The relative stabilities of crystalline polymorphs are an important aspect of the manufacturing and effective utilization of pharmaceuticals. These stabilities are driven by both molecular conformational energy within the solid-state components and cohesive binding energy of the crystalline arrangement. The combined approach of experimental vibrational terahertz spectroscopy with solid-state density functional theory provides a powerful tool to study such properties and is applied here in the analysis of conformational polymorphism in crystalline aripiprazole. The low-frequency (<95 cm -1) terahertz vibrations of several aripiprazole polymorphs were measured, revealing distinct spectral features that uniquely identify each form. Solid-state density functional theory was employed to interpret the experimental terahertz spectra, correlating the observed spectral features to specific atomic motions within the crystalline lattice. The computational analysis provides insight into the formation and stability of the polymorphs by revealing the balance between the external binding forces and internal molecular forces that is ultimately responsible for the physical characteristics of the numerous crystalline polymorphs of aripiprazole.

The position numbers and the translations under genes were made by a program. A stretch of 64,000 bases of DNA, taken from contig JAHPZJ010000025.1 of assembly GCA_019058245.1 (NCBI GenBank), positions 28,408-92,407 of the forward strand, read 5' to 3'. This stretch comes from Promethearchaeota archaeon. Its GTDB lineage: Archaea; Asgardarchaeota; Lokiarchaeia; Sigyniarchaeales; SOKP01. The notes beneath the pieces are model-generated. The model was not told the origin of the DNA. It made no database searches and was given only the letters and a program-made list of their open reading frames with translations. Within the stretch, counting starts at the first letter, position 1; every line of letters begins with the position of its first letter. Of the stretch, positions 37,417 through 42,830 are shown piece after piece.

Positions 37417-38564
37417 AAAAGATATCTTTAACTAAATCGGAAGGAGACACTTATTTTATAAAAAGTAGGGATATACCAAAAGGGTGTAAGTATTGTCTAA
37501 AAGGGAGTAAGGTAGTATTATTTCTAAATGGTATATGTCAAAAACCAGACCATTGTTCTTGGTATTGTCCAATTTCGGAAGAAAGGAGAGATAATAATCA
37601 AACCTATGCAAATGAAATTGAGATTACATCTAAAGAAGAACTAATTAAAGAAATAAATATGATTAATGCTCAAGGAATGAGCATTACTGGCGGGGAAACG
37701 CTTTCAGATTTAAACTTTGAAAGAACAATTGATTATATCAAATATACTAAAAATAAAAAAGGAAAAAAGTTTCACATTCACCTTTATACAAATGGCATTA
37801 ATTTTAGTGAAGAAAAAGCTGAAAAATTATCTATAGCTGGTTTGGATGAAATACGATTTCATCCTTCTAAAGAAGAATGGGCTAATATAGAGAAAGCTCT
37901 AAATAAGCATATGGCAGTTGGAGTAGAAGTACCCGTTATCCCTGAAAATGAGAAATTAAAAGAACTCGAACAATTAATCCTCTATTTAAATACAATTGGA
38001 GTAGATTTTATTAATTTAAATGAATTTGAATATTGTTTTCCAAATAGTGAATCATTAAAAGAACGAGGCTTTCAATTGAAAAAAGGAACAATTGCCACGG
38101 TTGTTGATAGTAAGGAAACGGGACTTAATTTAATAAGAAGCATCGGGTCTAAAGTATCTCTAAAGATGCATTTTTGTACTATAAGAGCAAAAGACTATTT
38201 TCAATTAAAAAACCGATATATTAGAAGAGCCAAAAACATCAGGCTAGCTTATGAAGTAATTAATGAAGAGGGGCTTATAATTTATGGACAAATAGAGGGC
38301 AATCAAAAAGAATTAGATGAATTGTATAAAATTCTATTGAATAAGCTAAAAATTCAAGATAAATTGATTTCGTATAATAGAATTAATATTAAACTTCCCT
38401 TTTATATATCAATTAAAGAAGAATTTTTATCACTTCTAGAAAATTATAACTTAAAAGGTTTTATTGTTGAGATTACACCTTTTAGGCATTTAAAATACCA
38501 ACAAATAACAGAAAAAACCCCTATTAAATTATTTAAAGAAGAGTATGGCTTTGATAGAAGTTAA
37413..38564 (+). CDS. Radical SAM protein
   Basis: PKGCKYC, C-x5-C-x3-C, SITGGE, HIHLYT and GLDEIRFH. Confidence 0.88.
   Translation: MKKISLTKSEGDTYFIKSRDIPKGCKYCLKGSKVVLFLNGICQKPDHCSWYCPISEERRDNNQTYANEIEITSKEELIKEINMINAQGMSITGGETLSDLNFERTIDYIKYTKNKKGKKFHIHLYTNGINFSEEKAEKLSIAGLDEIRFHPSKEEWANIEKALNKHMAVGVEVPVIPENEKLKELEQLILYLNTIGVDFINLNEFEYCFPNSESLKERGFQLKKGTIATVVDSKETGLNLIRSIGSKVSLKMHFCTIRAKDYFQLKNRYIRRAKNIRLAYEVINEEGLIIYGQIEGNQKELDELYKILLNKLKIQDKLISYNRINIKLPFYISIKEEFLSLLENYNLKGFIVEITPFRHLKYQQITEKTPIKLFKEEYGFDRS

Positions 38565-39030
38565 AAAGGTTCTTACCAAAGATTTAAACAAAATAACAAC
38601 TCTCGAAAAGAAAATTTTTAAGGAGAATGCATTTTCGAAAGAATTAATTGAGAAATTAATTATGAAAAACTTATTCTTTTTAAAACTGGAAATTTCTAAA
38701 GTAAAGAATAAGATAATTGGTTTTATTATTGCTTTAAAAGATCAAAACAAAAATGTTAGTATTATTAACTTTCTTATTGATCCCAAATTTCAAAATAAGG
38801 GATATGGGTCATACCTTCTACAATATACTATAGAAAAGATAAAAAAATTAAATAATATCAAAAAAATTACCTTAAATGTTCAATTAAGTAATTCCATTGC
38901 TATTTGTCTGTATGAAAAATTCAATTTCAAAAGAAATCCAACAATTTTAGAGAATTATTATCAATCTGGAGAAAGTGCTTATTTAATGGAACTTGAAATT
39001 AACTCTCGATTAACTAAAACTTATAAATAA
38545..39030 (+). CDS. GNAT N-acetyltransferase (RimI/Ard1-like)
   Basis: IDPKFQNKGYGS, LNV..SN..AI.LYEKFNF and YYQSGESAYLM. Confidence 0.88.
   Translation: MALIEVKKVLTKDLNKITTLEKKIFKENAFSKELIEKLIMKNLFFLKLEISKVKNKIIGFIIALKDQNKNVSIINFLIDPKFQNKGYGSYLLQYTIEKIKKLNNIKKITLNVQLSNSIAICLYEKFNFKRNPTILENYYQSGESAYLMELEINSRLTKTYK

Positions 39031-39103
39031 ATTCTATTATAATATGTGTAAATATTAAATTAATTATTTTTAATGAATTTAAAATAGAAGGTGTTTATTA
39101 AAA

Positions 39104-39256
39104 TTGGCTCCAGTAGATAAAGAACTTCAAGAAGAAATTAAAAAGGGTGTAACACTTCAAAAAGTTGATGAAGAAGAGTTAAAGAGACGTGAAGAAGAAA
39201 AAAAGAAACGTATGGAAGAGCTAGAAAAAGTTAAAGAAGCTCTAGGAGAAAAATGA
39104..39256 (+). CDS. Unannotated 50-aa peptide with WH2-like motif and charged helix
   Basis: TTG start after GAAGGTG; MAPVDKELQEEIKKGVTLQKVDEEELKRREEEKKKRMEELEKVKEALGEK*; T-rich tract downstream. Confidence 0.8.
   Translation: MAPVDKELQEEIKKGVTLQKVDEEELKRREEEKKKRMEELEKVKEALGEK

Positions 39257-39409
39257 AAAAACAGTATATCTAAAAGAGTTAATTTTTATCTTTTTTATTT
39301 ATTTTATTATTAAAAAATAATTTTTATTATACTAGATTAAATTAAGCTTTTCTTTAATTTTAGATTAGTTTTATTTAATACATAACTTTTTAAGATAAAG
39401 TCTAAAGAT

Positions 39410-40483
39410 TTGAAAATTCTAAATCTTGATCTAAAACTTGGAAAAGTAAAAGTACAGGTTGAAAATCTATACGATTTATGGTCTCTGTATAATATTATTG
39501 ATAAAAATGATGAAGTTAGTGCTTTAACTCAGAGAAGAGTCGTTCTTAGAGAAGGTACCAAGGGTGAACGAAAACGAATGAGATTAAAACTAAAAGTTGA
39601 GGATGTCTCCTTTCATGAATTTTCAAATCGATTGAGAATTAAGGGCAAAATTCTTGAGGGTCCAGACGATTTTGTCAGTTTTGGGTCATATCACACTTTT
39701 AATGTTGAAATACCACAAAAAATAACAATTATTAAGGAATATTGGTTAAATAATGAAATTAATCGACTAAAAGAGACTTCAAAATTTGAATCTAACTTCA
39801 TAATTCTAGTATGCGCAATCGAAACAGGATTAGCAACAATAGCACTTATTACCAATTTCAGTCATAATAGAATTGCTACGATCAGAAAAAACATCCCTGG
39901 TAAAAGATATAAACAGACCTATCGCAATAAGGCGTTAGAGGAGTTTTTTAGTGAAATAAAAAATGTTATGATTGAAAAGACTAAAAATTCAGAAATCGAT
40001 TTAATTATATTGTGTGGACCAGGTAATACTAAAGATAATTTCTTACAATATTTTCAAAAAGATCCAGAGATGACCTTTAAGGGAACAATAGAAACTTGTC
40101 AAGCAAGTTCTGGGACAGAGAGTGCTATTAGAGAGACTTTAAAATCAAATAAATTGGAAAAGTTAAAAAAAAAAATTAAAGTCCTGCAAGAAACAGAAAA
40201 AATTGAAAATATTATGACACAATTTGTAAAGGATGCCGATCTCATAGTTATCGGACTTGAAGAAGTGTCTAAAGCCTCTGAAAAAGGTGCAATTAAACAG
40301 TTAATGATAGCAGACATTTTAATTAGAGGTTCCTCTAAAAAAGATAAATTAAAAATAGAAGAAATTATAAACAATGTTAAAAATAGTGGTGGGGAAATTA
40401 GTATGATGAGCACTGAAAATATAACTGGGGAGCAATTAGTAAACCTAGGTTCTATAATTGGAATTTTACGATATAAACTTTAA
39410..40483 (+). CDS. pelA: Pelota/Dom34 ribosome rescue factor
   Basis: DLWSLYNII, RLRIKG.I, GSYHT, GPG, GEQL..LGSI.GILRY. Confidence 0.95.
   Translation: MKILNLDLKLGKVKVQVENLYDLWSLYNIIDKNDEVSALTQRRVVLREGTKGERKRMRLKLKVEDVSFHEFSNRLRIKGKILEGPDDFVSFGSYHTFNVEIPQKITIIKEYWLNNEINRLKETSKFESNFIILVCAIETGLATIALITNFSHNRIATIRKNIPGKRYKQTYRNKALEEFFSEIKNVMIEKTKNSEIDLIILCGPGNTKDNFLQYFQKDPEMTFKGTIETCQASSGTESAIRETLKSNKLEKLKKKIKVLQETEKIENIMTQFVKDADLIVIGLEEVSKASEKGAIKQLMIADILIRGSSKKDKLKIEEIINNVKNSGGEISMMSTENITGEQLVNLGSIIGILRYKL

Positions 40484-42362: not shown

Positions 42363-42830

|Original language||English (US)|
|Number of pages||10|
|Journal||Crystal Growth and Design|
|State||Published - Jul 3 2013|
ASJC Scopus subject areas
- Materials Science(all)
- Condensed Matter Physics